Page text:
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Motorola Solutions, Inc. v. Hytera Communications Corporation Ltd.

United States District Court, N.D. Illinois, Eastern Division

August 12, 2019

MOTOROLA SOLUTIONS, INC., Plaintiff,
v.
HYTERA COMMUNICATIONS CORPORATION LTD., et al. Defendants.

          MEMORANDUM OPINION AND ORDER

          John Robert Blakey, United States District Judge.

         Plaintiff Motorola Solutions, Inc. sues Defendants Hytera Communications Corporation Ltd. (Hytera Corporation) and Hytera Communications America West Inc. (Hytera West) for patent infringement. [78]. Defendants jointly move to dismiss Plaintiff's amended complaint pursuant to Rule 12(b)(3) for improper venue as to Hytera West, and Rule 12(b)(6) for failure to state a claim as to Hytera Corporation. [80]. For the reasons explained below, this Court denies Defendants' motion.

         I. Background[1]

         Plaintiff, an Illinois company, maintains its principal place of business in Chicago, Illinois. [78] ¶ 12. Hytera Corporation is a Chinese company with its principal place of business in Shenzhen, China. Id. ¶¶ 3, 13. Hytera Corporation established Hytera West as a California subsidiary in 2016. Id. ¶¶ 8, 14. Plaintiff researches, invents, and provides radio equipment and infrastructure technologies, including two-way digital radio products, technologies, and supporting infrastructure and systems. Id. ¶¶ 1, 31.

         Plaintiff's claims concern six patents: (1) U.S. Patent No. 6, 591, 111 (the ‘111 Patent), id. ¶ 54; (2) U.S. Patent No. 7, 369, 869 (the ‘869 Patent), id. ¶ 42; (3) U.S. Patent No. 7, 729, 701 (the ‘701 Patent), id. ¶ 45; (4) U.S. Patent No. 8, 032, 169 (the ‘169 Patent), id. ¶ 39; (5) U.S. Patent No. 8, 279, 991 (the ‘991 Patent), id. ¶ 48; and (6) U.S. Patent No. 9, 099, 972 (the ‘972 Patent), id. ¶ 51. Plaintiff constitutes the sole owner of each patent (collectively, the Patents). Id. ¶¶ 37, 40, 43, 46, 49, 52, 55.

         Plaintiff alleges that Hytera Corporation specifically intended to infringe the Patents by “luring away” three of Plaintiff's senior engineers. Id. ¶¶ 5, 20. Plaintiff asserts that Hytera Corporation induced these engineers to infringe because: (1) they had direct familiarity with Plaintiff's innovations and technologies related to the Patents; and (2) in their final days of employment with Plaintiff, they downloaded at least 7, 000 technical, marketing, sales, and legal documents related to the Patents. Id. According to Plaintiff, Hytera Corporation then relied upon and copied patented information from these documents in creating its own digital mobile radio (DMR) products. Id. ¶¶ 4, 5, 9, 21. Finally, Plaintiff alleges that Hytera Corporation infringed the Patents by directly-and/or indirectly, through subsidiaries, divisions, groups, or distributors-advertising, marketing, offering for sale, importing for sale, and/or selling the infringing DMR products. Id. ¶ 17.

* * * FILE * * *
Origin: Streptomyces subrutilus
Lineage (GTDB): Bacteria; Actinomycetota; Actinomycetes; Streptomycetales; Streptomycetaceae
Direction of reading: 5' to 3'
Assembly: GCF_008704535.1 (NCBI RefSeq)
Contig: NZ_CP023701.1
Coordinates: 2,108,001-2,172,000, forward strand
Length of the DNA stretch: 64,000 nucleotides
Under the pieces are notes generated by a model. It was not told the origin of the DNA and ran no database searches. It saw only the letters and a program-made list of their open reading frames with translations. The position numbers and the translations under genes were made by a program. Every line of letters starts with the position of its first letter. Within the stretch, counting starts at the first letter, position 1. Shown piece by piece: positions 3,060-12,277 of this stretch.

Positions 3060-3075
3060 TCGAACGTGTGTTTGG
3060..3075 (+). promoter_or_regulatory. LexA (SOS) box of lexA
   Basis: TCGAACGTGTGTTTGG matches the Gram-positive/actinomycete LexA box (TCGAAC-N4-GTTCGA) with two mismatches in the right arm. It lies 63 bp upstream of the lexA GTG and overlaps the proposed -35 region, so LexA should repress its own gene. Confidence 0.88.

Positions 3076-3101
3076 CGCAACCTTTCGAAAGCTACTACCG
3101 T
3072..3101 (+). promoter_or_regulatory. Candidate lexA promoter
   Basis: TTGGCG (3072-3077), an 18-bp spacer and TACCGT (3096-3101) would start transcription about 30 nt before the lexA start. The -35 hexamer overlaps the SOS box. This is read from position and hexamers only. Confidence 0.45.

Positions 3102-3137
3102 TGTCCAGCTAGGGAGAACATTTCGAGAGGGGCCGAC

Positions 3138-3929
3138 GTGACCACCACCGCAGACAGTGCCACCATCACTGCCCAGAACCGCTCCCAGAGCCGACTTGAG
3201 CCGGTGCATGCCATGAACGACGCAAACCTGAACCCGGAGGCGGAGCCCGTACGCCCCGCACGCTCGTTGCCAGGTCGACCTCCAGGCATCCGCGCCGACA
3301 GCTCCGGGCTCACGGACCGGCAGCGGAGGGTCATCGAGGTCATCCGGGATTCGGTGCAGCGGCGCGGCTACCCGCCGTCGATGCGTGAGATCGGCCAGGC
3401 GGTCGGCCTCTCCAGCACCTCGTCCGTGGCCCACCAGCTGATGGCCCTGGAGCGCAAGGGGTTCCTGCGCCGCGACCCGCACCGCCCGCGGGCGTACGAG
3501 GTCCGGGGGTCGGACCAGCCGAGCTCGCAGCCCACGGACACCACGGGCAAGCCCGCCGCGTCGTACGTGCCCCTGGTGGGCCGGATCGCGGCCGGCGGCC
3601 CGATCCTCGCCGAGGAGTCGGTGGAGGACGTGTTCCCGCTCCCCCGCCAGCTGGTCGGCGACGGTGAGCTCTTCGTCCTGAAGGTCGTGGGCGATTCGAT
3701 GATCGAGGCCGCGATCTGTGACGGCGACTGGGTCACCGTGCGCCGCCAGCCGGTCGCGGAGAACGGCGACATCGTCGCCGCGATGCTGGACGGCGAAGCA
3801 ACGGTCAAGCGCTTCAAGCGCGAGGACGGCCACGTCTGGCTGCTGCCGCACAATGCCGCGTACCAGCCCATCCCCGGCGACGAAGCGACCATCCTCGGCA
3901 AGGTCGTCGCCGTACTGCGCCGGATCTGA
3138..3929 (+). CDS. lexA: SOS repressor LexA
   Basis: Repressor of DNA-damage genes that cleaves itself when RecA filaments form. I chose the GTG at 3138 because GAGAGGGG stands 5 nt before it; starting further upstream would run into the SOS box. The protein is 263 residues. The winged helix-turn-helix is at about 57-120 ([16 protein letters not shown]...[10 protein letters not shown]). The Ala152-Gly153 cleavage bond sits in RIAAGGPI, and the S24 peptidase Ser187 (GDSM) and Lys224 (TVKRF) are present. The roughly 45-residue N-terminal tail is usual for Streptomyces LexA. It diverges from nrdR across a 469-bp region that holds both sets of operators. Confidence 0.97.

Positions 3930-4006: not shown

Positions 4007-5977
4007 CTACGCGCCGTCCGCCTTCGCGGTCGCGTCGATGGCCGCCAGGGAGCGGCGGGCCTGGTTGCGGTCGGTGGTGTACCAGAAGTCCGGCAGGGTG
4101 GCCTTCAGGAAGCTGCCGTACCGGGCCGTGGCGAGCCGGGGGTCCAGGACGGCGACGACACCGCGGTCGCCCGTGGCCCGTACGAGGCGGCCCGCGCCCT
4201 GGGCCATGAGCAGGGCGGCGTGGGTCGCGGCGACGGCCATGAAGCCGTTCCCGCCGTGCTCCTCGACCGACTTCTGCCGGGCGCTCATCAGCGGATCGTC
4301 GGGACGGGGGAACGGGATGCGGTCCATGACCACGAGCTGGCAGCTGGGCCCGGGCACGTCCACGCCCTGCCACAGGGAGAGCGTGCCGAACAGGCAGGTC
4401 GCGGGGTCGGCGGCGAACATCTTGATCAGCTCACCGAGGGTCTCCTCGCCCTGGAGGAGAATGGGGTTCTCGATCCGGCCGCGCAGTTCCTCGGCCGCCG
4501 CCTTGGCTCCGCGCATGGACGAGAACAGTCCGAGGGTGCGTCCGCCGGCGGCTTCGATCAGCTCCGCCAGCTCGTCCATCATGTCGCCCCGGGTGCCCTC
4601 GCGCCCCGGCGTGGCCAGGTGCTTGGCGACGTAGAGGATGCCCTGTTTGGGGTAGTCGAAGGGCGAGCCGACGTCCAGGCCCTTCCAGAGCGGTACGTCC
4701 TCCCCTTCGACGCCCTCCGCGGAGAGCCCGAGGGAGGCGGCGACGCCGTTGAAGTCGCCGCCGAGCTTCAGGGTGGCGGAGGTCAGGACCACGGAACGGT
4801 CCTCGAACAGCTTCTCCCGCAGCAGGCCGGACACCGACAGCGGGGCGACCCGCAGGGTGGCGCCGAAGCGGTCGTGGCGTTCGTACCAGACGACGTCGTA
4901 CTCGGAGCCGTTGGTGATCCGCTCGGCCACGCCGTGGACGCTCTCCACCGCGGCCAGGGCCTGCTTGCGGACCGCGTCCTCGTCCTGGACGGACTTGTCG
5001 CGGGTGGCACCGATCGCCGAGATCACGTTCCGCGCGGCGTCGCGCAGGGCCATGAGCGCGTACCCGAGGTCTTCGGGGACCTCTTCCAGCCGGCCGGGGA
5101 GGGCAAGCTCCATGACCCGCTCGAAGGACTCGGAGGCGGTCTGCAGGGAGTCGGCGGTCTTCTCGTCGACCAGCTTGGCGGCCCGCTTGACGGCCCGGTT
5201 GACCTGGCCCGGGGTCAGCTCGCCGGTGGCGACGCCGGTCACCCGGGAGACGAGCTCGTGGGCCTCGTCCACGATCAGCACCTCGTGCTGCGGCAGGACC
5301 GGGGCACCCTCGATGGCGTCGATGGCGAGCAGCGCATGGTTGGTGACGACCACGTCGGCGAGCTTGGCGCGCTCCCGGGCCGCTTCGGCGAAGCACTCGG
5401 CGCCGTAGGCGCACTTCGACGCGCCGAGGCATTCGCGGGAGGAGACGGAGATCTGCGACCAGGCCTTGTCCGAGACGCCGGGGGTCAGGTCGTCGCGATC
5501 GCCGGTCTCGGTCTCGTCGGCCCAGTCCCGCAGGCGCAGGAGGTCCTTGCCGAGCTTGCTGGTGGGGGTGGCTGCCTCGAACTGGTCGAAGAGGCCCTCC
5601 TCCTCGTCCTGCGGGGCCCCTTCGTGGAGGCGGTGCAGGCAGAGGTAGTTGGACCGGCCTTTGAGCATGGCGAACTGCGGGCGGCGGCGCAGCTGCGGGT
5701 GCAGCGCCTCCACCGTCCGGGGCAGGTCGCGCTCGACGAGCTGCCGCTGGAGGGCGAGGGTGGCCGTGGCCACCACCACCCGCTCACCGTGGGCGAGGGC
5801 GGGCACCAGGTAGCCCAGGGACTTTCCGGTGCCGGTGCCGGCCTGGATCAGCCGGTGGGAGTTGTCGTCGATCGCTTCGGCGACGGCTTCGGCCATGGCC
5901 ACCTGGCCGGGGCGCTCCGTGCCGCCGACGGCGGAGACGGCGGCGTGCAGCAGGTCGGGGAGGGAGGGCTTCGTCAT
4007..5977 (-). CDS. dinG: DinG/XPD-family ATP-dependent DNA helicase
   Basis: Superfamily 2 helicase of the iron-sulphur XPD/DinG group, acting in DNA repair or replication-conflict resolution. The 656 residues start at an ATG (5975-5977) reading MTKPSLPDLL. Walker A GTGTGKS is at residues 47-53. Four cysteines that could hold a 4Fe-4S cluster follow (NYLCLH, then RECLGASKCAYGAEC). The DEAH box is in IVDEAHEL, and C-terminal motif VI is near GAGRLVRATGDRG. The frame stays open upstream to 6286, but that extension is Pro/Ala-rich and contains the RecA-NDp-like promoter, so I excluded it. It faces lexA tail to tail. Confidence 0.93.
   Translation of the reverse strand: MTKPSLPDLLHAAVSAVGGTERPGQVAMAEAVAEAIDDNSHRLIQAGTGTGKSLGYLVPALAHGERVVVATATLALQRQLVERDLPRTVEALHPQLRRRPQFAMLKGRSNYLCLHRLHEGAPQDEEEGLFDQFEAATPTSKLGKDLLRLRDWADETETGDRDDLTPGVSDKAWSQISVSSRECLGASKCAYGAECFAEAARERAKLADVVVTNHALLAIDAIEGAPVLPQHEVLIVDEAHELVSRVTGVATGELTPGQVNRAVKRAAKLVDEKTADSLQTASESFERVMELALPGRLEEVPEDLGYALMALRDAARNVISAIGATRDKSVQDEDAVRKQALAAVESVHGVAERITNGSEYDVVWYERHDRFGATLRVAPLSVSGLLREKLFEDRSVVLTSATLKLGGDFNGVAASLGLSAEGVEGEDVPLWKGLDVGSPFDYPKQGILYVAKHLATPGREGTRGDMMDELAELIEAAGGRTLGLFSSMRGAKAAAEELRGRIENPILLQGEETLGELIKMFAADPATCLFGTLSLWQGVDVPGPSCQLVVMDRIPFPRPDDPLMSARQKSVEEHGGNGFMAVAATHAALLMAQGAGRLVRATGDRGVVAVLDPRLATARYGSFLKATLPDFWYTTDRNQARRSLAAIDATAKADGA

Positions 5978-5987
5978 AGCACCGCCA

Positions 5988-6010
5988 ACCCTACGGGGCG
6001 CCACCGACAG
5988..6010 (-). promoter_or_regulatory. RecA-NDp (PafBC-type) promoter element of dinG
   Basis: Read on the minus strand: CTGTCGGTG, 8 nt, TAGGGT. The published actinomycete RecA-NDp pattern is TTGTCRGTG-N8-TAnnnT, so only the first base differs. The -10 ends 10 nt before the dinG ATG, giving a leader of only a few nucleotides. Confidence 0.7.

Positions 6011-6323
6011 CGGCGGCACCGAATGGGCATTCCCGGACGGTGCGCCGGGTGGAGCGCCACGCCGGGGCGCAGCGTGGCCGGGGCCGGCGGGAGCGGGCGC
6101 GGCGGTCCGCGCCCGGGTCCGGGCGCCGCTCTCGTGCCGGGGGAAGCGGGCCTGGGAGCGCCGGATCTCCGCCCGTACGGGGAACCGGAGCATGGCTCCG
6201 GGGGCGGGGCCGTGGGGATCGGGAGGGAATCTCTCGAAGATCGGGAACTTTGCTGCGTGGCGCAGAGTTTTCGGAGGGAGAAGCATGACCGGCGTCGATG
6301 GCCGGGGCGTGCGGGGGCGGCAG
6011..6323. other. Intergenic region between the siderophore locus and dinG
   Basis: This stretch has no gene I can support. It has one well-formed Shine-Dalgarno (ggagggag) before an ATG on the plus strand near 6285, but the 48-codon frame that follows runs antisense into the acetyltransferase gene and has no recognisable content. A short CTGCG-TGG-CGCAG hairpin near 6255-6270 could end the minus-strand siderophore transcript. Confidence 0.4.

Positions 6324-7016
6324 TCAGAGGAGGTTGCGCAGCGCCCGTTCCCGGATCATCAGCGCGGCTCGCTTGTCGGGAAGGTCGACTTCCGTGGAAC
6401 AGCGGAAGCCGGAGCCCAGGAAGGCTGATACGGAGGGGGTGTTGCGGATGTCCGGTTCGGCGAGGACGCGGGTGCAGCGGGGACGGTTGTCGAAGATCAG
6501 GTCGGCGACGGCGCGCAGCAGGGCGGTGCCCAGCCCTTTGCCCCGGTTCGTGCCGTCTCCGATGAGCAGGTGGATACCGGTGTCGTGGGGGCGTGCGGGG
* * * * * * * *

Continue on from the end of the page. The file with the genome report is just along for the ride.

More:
Similarly, Plaintiff alleges that Hytera West directly-and/or indirectly through subsidiaries, divisions, groups, or distributers-infringed the Patents by advertising, marketing, offering for sale, importing for sale, and/or selling the infringing DMR products in this District. Id. ¶ 24. Plaintiff also asserts that Hytera West employs one salesperson and at least three other employees in its Schaumburg, Illinois warehouse and repair facility. Id. ¶¶ 25, 29.

         II. Legal Standard

         To survive a motion to dismiss under Federal Rule of Civil Procedure 12(b)(6), a complaint must provide a “short and plain statement of the claim” showing that the pleader merits relief, Fed.R.Civ.P. 8(a)(2), so the defendant has “fair notice” of the claim “and the grounds upon which it rests, ” Bell Atl. Corp. v. Twombly, 550 U.S. 544, 555, 127 S.Ct. 1955, 167 L.Ed.2d 929 (2007) (quoting Conley v. Gibson, 355 U.S. 41, 47, 78 S.Ct. 99, 2 L.Ed.2d 80 (1957)). A complaint must also contain “sufficient factual matter” to state a facially plausible claim to relief-one that “allows the court to draw the reasonable inference” that the defendant committed the alleged misconduct. Ashcroft v. Iqbal, 556 U.S. 662, 678 (2009) (quoting Twombly, 550 U.S. at 570). This plausibility standard “asks for more than a sheer possibility” that a defendant acted unlawfully. Williamson v. Curran, 714 F.3d 432, 436 (7th Cir. 2013).

         In evaluating a complaint under Rule 12(b)(6), this Court accepts all well pleaded allegations as true and draws all reasonable inferences in the plaintiffs favor. Iqbal, 556 U.S. at 678. This Court does not, however, accept a complaint's legal conclusions as true. Brooks v. Ross, 578 F.3d 574, 581 (7th Cir. 2009).

         With respect to venue, the plaintiff bears the burden of establishing that venue is proper in a given case. Bartlett v. Bartlett, No. 16 CV 6595, 2017 WL 106043, at *1 (N.D. Ill. Jan. 11, 2017) (citing Grantham v. Challenge-Cook Bros., Inc., 420 F.2d 1182, 1184 (7th Cir. 1969)). In assessing venue for a 12(b)(3) motion, however, courts take the plaintiff's allegations as true and resolve factual conflicts in the plaintiff's favor. RAH Color Techs., LLC v. Quad/Graphics, Inc., No. 17 C 4931, 2018 WL 439210, at *1 (N.D. Ill. Jan. 16, 2018) (citing Deb v. SIRVA, Inc., 832 F.3d 800, 809 (7th Cir. 2016) and Faulkenberg v. CB Tax Franchise Sys., LP, 637 F.3d 801, 809-10 (7th Cir. 2011)).

         III. Analysis

         A. Venue Is Proper As To Hytera West

         In TC Heartland LLC v. Kraft Food Group Brands LLC, 137 S.Ct. 1514 (2017), the Supreme Court held that the patent venue statute, 28 U.S.C. § 1400(b), serves as the exclusive venue provision for patent infringement cases. Id. at 1517. Under Section 1400(b), plaintiffs may bring an action for patent infringement either: (1) in the judicial district where the defendant resides; or (2) where the defendant has ...


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